“If you’re old enough to pick your clothes, you’re old enough to pick your sanitary napkin.” – Modess
Advertisers aren’t stupid. They knew the Baby Boomers represented the largest population bubble in the history of the United States. Subsequently, ad agencies were scrambling to produce advertising geared toward this gargantuan money pot. The Modess advert above heavily features the new hippie chic whilst highlighting how grossly antiquated the older generation is. Do you want to buy your sanitary napkins based on the opinion of your crusty archaic mother who seems so hopelessly out of place amongst counter-culture swag? I didn’t think so.
“Whee! They’re Flushable, Too!” – New Freedom Kotex
Yet another advert marketed directly to Boomer youth. Truth be told, there actually was a lot to be excited about. If you’re familiar with the previous generations’ feminine hygiene equipment, you’ll know there was cause for celebration. That stuff was a bulky mess; it had barely improved from the Paleolithic days of using rolled grass and roots. It consisted of various rigging using straps and belts in conjunction with giant swaths of absorbent linens. You can see why a flushable inconspicuous napkin would be a godsend.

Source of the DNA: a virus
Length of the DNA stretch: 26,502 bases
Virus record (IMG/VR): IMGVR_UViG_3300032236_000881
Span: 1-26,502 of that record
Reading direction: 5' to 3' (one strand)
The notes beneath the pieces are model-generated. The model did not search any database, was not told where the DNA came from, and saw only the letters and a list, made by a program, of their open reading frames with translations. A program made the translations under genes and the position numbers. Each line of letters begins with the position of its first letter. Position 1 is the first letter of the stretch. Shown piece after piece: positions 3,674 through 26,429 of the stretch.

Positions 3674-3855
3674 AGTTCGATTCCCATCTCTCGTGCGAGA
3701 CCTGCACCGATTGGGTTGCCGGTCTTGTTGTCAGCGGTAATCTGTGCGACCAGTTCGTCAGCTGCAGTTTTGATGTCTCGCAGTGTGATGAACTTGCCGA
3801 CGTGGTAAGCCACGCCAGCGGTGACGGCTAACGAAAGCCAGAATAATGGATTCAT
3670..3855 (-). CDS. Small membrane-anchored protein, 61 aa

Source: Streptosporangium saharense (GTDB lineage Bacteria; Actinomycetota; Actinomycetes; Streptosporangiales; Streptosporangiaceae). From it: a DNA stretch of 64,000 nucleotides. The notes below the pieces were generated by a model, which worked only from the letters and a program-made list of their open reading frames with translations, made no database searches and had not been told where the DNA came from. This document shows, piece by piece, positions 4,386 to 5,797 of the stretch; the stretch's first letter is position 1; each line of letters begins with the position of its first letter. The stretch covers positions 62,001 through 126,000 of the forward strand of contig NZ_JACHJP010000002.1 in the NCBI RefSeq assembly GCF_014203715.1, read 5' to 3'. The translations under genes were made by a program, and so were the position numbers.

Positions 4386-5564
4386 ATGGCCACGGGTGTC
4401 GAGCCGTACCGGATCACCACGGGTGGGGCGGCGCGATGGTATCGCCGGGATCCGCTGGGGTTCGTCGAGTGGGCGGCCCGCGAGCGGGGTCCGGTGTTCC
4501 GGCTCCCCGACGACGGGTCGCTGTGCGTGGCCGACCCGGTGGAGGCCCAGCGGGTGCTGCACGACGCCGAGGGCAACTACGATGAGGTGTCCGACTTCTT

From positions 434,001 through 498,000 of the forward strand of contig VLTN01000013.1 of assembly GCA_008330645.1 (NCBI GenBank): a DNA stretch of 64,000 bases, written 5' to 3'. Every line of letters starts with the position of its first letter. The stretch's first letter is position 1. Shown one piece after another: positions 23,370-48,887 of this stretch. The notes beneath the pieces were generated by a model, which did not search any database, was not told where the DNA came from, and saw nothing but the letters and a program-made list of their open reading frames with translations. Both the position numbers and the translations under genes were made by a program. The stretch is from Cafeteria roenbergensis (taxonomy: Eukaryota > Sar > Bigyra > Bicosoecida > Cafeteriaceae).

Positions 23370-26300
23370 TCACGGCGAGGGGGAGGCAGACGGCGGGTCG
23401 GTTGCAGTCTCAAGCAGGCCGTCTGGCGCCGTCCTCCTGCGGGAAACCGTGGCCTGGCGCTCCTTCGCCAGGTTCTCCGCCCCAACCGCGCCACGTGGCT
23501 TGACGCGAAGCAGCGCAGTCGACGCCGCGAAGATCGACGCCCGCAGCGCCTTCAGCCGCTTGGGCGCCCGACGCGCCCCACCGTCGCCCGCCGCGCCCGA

“It’s perfect for beginners like us!”Petal Soft Tampax
Petal Soft Tampax
This ad comes from a 1986 issue of 16 Magazine, about a year after Tampax broke the ultimate taboo on American television: It used the word “period”. Specifically the TV ad said, “It will change the way you feel about your period.”
When questioned about their startling expletive, the Tampax ad agency responded beautifully:
It’s a natural evolution. Over the past five years everyone has gotten more straightforward. It just doesn’t make sense any longer to show a woman in a long white dress, drifting through a field of wildflowers, saying something like, ‘It makes me feel fresh.’